2022 Lingua Franca Avni Chardonnay Willamette Valley


Old price


Discounted price

(50% off)

Total $20

The aroma is complex with layers of mineral, citrus, white flowers, and spice. On the palate the wine is balanced, vibrant, and round with a clean finish. The natural acidity of the region is rounded by labor-intensive barrel fermentation and aging, and a spontaneous Malolactic fermentation. Avni 2022 has nuances of lemon peel, green apple, river stone, and a softer edge of pear and quince in the background.

ABV 13%

Vintage 2022

Appellation Willamette Valley

Aging 26% new, 600-liter puncheons, 74% neutral large wooden casks and old French oak puncheons and barriques for 11 months sur lie.

The 2022 Avni Chardonnay is sourced from multiple vineyards in the region, focusing on fruit grown on shallow volcanic soils. Sources include vineyards in the Eola-Amity Hills and near Lingua Franca’s Bunker Hill Estate Vineyard, as well as from selected vineyards in the Chehalem Mountains, Yamhill Carlton, and from a unique site in the Van Duzer Corridor with marine sediments.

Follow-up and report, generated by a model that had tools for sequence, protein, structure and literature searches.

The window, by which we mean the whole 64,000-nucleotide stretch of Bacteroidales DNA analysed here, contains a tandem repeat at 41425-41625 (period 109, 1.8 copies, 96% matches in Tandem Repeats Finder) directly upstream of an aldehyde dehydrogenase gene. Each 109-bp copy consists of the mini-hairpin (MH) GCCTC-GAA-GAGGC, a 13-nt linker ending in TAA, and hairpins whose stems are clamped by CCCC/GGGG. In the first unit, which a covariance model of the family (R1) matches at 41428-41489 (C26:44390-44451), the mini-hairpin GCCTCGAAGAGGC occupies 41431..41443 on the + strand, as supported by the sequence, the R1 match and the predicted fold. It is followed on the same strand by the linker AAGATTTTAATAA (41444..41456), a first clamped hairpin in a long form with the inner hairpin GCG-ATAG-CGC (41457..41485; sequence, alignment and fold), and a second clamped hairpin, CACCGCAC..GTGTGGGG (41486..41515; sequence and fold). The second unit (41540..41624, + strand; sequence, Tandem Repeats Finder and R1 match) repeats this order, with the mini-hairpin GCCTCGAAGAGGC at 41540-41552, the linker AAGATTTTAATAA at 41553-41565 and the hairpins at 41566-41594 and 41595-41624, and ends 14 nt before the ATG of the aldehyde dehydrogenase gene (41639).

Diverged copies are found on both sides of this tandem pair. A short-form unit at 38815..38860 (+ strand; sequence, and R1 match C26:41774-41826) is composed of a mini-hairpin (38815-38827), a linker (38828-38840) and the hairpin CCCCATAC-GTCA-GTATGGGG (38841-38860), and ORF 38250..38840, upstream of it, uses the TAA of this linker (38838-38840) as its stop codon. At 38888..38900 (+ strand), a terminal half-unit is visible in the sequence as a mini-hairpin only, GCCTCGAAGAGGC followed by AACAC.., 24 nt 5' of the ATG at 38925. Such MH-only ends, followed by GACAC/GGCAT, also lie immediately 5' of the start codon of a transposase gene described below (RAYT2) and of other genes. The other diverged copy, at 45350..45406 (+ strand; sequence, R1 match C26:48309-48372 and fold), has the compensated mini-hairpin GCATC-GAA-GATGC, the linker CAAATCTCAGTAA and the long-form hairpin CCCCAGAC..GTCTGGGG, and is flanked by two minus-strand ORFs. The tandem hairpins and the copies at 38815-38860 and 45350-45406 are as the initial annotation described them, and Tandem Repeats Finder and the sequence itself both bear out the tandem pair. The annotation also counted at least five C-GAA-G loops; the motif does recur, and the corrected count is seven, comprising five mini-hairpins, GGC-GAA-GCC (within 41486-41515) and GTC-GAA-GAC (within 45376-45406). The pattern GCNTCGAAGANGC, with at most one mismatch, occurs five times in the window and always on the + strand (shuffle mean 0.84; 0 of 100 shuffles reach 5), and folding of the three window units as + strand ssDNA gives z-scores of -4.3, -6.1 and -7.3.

This wine marries well with a wide range of fish dishes, such as simply poached or sautéed fish dishes with herbed butter, garlic butter, or a classic Beurre Blanc sauce or nage. Beacause of its creaminess it would work with richer shellfish dishes with sauces as well, even a sauce Nantua or Armoricain. Roast chicken with butter, thyme and lemon or a breaded veal scallopini dish with a squeeze of lemon. It also would be excellent with a variety of more powerful sashimi or sushi, such as Unagi, Anago, Shirako, Sake, Otoro, Chutoro or Maguro. Western smoked salmon or gravlax, or grilled salmon with a dill mayonnaise. Experimentation is welcome!

Winter was extremely cold, with a historic ice-storm that left the region without power for over two weeks. It remained cool and wet throughout early spring but warmed up, in time to have a major heat dome event at the end of June with a record-breaking 116 F temperature scorching trees and killing vegetation all over the region. The resiliency of the non-irrigated soils in our vineyards, having fractured basalt as an insulating influence as well as the source of stored rainwater, meant that our vines almost had no negative effect and were verdant all the way through and after the experience. The heat event had the positive effect on our vineyard that helped to reduce the mildew pressure we normally experience after a wet spring.